Beginning their martial arts careers just three years ago at the Milford Martial Arts Academy, the pair of brothers not only qualified for the 2012 AAU National Championships in Fort Lauderdale, Fla., they excelled.
Andrew took home eighth-place in the 14 to 17-year-old division for sparring and Jason placed second in sparring and third in Poomse (forms) in the 18 to 32-year-old division.
“I try to keep them busy all the time,” the boys’ father Jay Hallgarth explained. “It’s been a journey where we were looking for a martial arts school and one opened up off of Route 131 in Milford. I just wanted them to get a taste of it and they both took it, just really enjoyed it. It started their path until they would get their black belts, which they both have now.”
Training under Master Paul E. Woodson and his Black Belt staff, the Hallgarth’s have demonstrated the concentration, determination and skill needed to compete at the highest levels.
“It’s been a lot of hard work for the last three years,” Andrew said.
Master Woodson explained the journey to that many people take to get to their black belts, but said that the Hallgarth’s drive and passion was rare.
“I’ve got two students, so that tells you about their work ethic,” he said, “I have the opportunity to have a whole bunch.
“I can get a little grumpy because I expect a lot. I know the reality of the learning curve, but I always push for the final destination. They endured and did pretty doggone good. They exceeded expectations, maybe even their own expectations.”
To get to Nationals, the Hallgarth’s had to go through regional qualifying tournament, in which they finished first and second in, allowing them to advance to Nationals.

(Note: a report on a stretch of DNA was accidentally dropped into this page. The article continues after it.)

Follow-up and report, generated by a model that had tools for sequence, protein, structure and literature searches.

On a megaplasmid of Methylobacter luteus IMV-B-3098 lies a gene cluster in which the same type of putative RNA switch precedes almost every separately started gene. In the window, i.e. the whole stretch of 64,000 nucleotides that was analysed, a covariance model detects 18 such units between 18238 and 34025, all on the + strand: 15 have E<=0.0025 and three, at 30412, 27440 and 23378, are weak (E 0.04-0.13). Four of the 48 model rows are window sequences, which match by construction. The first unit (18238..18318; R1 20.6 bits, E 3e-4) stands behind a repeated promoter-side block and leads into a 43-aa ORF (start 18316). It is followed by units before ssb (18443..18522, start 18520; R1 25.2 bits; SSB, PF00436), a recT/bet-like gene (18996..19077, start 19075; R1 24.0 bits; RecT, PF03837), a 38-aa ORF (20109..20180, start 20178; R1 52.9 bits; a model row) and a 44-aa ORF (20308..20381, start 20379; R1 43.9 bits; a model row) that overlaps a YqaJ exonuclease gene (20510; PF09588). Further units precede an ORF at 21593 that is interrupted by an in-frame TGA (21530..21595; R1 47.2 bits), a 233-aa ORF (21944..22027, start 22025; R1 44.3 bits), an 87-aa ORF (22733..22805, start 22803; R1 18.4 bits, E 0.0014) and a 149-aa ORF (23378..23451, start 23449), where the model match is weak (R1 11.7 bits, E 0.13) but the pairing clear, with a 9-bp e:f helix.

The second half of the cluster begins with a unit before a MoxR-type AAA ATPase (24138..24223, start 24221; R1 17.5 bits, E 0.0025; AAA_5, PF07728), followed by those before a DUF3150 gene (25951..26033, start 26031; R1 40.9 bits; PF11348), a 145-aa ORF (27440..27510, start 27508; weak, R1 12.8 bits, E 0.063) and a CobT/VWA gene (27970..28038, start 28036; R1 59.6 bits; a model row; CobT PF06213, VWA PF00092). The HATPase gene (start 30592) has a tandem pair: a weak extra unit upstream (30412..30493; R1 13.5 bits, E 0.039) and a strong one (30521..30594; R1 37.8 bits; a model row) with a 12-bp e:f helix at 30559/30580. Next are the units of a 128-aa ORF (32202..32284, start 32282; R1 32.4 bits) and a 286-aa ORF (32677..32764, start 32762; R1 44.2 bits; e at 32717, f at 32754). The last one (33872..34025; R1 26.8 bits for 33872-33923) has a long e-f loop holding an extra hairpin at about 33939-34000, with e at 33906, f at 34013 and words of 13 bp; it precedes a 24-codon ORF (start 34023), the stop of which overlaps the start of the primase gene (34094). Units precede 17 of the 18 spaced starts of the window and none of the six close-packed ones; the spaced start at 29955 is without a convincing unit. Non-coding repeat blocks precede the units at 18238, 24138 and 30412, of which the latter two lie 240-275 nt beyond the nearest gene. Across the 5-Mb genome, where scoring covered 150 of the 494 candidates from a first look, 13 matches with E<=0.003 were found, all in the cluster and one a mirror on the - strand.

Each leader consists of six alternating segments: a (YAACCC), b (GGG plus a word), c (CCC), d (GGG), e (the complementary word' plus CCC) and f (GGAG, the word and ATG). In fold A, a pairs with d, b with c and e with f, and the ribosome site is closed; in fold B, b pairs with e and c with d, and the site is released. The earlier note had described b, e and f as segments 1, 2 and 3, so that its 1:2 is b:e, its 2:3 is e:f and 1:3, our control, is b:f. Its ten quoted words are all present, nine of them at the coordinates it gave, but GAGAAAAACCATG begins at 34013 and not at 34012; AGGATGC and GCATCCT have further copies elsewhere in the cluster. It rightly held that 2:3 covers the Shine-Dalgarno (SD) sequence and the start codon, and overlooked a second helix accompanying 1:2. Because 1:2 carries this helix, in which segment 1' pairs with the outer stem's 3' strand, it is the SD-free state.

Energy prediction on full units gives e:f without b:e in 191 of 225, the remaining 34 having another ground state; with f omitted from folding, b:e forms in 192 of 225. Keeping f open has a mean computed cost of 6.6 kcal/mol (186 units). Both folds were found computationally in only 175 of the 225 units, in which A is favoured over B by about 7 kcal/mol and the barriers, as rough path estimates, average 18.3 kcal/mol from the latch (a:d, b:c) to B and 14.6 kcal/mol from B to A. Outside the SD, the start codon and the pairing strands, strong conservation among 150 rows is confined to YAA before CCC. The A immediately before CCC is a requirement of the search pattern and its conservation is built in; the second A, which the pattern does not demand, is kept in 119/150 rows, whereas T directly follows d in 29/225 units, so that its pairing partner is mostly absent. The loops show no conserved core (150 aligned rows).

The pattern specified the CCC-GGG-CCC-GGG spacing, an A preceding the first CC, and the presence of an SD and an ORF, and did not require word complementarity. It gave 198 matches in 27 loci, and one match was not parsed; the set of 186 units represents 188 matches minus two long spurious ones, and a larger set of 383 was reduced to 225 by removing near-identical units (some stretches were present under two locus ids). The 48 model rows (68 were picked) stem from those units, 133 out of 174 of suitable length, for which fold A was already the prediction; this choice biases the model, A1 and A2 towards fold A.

In the six months leading up to the Nationals, the brothers would train four to five times a week.
Finally, the first week of July approached and the Hallgarth’s traveled to Fort Lauderdale to compete in their first National Championships on July 5 and 6.
For Andrew, at younger of the two brothers, his eighth place finish wasn’t all that impressive to him in the immediate aftermath. Admitting that he was a little disappointed with where he finished, his father and Master Woodson put it into perspective for him.
“Andrew finished eighth,” Master Woodson said. “He wasn’t really excited about that, but that’s eighth in the country. That’s pretty doggone good. If you’re eighth-best in your competition in the country, you’ve got to be pretty happy with that.”
Jason, at 18-years-old, was competing against people up to 14 years older than him. He was able to capture the silver medal in sparring and the bronze in Poomse.
“He can kick like a mule,” Jay Hallgarth said. “He fights and doesn’t give up no matter what. That’s probably been his biggest key to success. Early on in his career, when he was fighting he didn’t always fight until the end, he didn’t have enough gas. Master Woodson worked him really hard so that he has a lot of energy to get to the end of the fight and finish strong. That’s made the difference.”
Master Woodson put into perspective just how rare Jason’s feat was as well.
‘There’s 3,000 competitors from the United States and Puerto Rico there in 16 divisions,” he said. “Then you assume there might have been 40 gold medals, 40 silver and 40 bronze medal winners depending on weight divisions. There’s a lot more people not getting medals than there are getting them.”
The Hallgarth’s are planning to continue their marital arts careers and are even paying it forward by teaching martial arts at McCormick Elementary in Milford.
Outside of the dojo, Andrew is entering his sophomore year at Clermont Northeastern, while Jason works full-time at ABS Products in Sharonville doing printer and computer repairs.
Still, the brothers feel they have some unfinished business and will continue to compete in martial arts, hoping to better their stout finish at Nationals in 2012 with some more hardware in 2013 and beyond.